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Pupusa Sunrise

August 11, 1994|JONATHAN GOLD

El Amanecer is a sweet Salvadoran cafe in a neighborhood with a hundred of them, crowded with families during the daytime and dating couples at night, a two-story Spanish stucco thing blasting salsa music, encrusted with beer ads and soccer posters, fragrant with frying onions. It feels as much like an actual restaurant in Latin America as any place in Los Angeles. Other Salvadoran restaurants may have tastier horchata or corn tamales that are slightly less dry, but El Amanecer is a place you'd take your most finicky friend.

" Amanecer " is Spanish for "sunrise," and the restaurant's logo, a stork silhouetted against the rising sun, seems to be on almost everything here but the actual food.

Chicken tamales are wet, almost pudding-like, steamed in banana leaves and delicately herbal in flavor, stuffed with cassava root and slivers of meat; sweet-corn tamales are plump, with the nearly vanilla aroma of roasted corn and a puddle of tart Salvadoran cream alongside. Yuca con chicharron is an essay in texture, the shatteringly crisp crust of the fingers of fried cassava giving way to a moist, steamy interior as compelling as that of the best steak fries, with a tart cabbage salad alongside and a few chunks of fried pork skin almost numbing in their richness, perfect with a splash or two of hot sauce.

Somebody here has an addiction to (Spanish-language) signs. One notice translates roughly into "Thank$ are not enough," admonishing the patrons to tip. Other signs warn that vandalism is a crime, that a maximum of three beers will be served to any person with dinner, and that children mustn't be allowed to play on the stairs. Someone here also has a sense of humor: The lunch special one day was " caldo de pollo y uno Bud."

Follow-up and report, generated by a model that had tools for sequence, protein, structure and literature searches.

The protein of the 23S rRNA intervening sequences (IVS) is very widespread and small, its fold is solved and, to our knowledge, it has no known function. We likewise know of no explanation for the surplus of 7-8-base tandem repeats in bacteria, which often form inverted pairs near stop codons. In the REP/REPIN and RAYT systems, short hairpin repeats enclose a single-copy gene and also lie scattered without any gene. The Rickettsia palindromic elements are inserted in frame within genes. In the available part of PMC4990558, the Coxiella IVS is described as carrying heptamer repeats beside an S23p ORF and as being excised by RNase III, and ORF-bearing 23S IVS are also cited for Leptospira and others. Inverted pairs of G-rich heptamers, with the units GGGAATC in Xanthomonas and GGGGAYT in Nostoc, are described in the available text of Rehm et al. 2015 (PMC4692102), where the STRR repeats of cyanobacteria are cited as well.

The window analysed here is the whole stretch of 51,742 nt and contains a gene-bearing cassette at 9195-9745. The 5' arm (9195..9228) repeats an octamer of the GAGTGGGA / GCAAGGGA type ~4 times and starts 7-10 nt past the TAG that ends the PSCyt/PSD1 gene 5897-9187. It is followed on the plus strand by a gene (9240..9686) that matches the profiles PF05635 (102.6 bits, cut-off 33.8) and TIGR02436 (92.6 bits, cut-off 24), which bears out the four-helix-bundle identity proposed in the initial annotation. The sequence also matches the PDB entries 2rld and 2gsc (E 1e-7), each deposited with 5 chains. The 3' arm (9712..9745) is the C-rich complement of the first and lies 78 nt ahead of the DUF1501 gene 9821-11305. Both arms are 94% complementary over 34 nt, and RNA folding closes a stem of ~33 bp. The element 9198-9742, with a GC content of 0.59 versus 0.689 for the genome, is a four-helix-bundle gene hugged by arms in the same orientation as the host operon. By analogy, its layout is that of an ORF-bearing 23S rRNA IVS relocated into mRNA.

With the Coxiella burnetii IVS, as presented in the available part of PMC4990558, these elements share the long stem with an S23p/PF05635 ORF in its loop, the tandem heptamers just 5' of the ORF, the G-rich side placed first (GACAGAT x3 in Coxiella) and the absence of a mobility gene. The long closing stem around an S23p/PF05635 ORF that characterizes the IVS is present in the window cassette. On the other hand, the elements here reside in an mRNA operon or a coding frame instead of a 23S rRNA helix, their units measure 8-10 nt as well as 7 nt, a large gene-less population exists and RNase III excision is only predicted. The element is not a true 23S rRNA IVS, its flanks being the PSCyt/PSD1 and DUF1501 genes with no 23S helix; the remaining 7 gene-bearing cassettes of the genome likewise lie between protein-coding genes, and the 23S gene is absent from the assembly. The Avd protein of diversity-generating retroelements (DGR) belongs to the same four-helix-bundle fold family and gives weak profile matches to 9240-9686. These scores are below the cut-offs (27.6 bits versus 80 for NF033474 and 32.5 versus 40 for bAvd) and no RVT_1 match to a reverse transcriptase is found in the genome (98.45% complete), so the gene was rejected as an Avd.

Main dishes are served with rice, pureed beans, thumb-thick tortillas that are close to Colombian arepas : one stewed chicken served with sweet, sauteed onions, and another, pollo guisado , in a smooth tomato sauce. Little balls of grilled Salvadoran chorizo tied with bits of corn husk, hotly spiced and intensely herbal, are terrific, among the best chorizos in town. Carne deshebrada (dried, shredded beef sauteed with onions and peppers and egg) is something very like a good Mexican machaca ; the whole fish mojarra , marinated in citrus and fried to a crunch, is fine.

But a Salvadoran restaurant lives or dies by its pupusas , the griddled cornmeal cakes that seem to be the combined hamburger, hot dog and pizza of Salvadoran snack cuisine, and El Amanecer's pupusas are swell, if a tad more elegant than the usual crunchy, oily variety: soft in texture, of clear corn flavor, filled with salty melted cheese and either roast pork or minced bits of the asparagus-like loroco . You garnish pupusas with a few forkfuls of the spicy cabbage slaw curtido taken from a big jar and splash them with El Amanecer's splendid house-made tomato sauce. One pupusa makes an appetizer; two, a filling lunch.

* El Amanecer Salvadoreno

3059 West 8th St., Los Angeles, (213) 382-2591. Open daily, 9 a.m. to 11 p.m. Cash only. Beer and wine. Lot parking. Dinner for two, food only, $9-$14.

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